Our interpretation of the language of this particular provision, in these circumstances, leads us to conclude that the testator intended to provide the petitioner only with a one-fifth present possessory interest in the property as a tenant in common with the children. The bequests of one-fifth of the property were not phrased as remainder interests. The testator did not devise the property to the petitioner for her life. Rather, he only provided her with the right to "remain" in the family home, compare Cruse v. Reinhard, 208 S.W.2d at 601 (no life estate where the daughter was given the right to "continue to live in my home till and unless she wishes to change her residence"), which, at the time the will was executed, was occupied by other family members as well. As the testator was "not versed in the niceties of legal nomenclature," Dow v. Abbott, 197 Mass. at 287, we place special emphasis on the literal meaning of the words he
selected. Cruse v. Reinhard, supra at 605. Unlike the situation in Wilmarth v. Bridges, 113 Mass. at 408, the testator here did not provide the petitioner with the responsibility of maintenance and the payment of taxes and insurance. [Note 6] Thus, the will does not demonstrate an intention to provide the petitioner with control over and responsibility for the property. See Cruse v. Reinhard, supra at 606 ("right of occupancy and nothing more"). Contrast Estate of Peacock, 914 F.2d at 231.
In addition, providing the petitioner with a life estate, with the right to exclusive possession, undermines the overall intention in the will, see Tucci v. DiGregorio, 358 Mass. at 495; Flannery v. McNamara, 432 Mass. at 667-668, to provide an equal and shared right to the property. The property was the family home. At the time the will was executed one child was living there, albeit subject to the testator's stated conditions, and another, then still a minor and living with his mother, was visiting nearly every weekend. In the will, ownership of the home was devised in five equal parts. Contrary to the petitioner's contention, nothing in the will suggests that the testator intended to grant her such a disproportionate interest in the property.
We also do not discern an over-all intention in the will to provide the petitioner with the right to exclude the children from the family home. The right to "remain" in the home appears to provide the petitioner with a right of occupancy, but not an exclusive one. [Note 7] Tenants in common, of course, "may not . . . preclude other cotenants from exercising their right to possession, as doing so destroys the common estate." Brady v. City Council of Gloucester, 59 Mass. App. Ct. at 695.
We understand that the petitioner is the only individual who has been expressly provided the right to remain in the house. Likewise we recognize that as a tenant in common she had a right to occupy the house, as did the children. The disputed
provision therefore appears unnecessary or precatory. The circumstances of the bequest, however, explain the testator's decision to include such a provision. He was not a lawyer, and the will demonstrates he had little familiarity with property law, including, we assume, the rights incident to tenancy in common. He was also seriously ill and newly married. The primary asset in the estate was the family home, a source of potential emotional and financial conflict in these circumstances. His children from his earlier marriage were being given four-fifths interests in the property. The disputed provision ensured that everyone involved understood that the testator intended that his new wife have the right to remain in the family home. It was the apparent hope of the testator that the devisees would be able to agree upon the use and occupancy of the property; in the event that they could not, however, we are confident that the testator did not intend to provide the petitioner with the right to exclude his children from the home during her lifetime or to acquire a vastly unequal division of the proceeds from the sale of the property. See, e.g., Tucci v. DiGregorio, 358 Mass. at 497 ("[i]f the tenants in common are unable to agree upon occupancy of the common property in accordance with the apparent hopes of the testator, then the division of the real estate . . . or the sale of the real estate and the division of the proceeds therefrom can be accomplished more appropriately by proceedings for partition").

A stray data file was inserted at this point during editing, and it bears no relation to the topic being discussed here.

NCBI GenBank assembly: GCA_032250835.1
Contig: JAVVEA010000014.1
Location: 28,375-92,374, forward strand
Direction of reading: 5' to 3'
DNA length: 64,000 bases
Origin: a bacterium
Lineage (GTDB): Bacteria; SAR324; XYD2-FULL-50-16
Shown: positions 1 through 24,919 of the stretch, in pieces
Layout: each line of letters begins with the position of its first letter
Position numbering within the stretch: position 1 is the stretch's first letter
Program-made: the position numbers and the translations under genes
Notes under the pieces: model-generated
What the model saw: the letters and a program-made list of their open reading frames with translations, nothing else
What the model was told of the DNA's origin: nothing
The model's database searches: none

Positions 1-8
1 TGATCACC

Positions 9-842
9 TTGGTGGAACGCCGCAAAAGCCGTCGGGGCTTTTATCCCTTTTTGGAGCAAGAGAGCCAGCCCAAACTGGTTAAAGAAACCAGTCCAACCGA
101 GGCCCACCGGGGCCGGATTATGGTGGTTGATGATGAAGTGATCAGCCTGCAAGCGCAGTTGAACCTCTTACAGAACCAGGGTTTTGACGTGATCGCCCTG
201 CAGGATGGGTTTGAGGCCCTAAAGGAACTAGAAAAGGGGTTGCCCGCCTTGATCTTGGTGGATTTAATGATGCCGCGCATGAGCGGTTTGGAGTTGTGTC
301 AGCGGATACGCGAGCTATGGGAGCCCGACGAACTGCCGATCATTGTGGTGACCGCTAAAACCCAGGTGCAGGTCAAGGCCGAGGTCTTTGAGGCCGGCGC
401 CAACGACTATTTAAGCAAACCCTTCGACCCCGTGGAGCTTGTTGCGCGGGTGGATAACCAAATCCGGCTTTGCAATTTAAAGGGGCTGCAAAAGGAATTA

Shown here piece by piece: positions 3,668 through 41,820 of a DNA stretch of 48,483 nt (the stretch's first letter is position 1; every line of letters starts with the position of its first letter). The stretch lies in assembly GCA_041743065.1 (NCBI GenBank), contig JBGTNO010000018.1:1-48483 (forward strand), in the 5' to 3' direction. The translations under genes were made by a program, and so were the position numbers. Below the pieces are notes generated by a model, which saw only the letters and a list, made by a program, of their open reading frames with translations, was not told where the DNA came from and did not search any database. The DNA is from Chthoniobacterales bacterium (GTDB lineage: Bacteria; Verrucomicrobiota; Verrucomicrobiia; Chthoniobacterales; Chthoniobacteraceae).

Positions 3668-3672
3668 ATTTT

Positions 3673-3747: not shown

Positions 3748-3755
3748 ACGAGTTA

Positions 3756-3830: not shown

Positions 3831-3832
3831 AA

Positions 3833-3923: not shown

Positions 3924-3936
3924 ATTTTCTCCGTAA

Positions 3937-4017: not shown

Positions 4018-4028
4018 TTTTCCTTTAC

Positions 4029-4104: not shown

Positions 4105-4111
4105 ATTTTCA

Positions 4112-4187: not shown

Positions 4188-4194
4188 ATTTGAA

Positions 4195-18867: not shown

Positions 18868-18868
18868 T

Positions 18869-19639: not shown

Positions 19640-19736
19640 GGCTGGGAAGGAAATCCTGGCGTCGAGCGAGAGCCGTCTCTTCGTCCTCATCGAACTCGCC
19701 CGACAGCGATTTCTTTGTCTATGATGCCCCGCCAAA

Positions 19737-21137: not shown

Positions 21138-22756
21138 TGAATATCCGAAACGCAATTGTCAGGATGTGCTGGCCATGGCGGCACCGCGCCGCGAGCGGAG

Conclusion. The will provided the petitioner and each of the testator's four children with a one-fifth present possessory interest in the property as tenants in common. The petitioner was not granted a life estate in the property. The judgment is therefore reversed and the matter is remanded to the Probate and Family Court for further proceedings and declaration of the parties' rights consistent with this opinion.
[Note 1] Stefan Tcherepnin, Sergei Tcherepnin, and Sarina Tcherepnin-Morris.
[Note 2] Judge Doerfer participated in the deliberation on this case prior to his retirement.
[Note 3] Ivan Tcherepnin was a highly regarded musician and composer, and served on the faculty of Harvard University for twenty-five years, where he was head of the electronic music studio.
[Note 4] According to the petitioner, Stefan lived in the house after 1995 pursuant to a contract that defined his obligations to seek work, perform household chores, and abide by appropriate standards of behavior. The contract is not a part of the record in this case.
[Note 5] In December, 1999, one Gerald Belastock moved into the residence, where he continues to reside.
[Note 6] The fact that the petitioner took over these responsibilities around 2000 is not demonstrative of the intention of the testator and is therefore irrelevant.
[Note 7] We note that it was the petitioner who sought partition, not the respondents. As we conclude that the bequest did not provide the petitioner with a life estate, we need not resolve the issue whether a petition for partition by the holder of a life estate defeasible by the termination of the recipient's desire to occupy the property is defeased by the filing of the petition to partition itself. The parties have provided us with very little guidance on this issue in their briefing.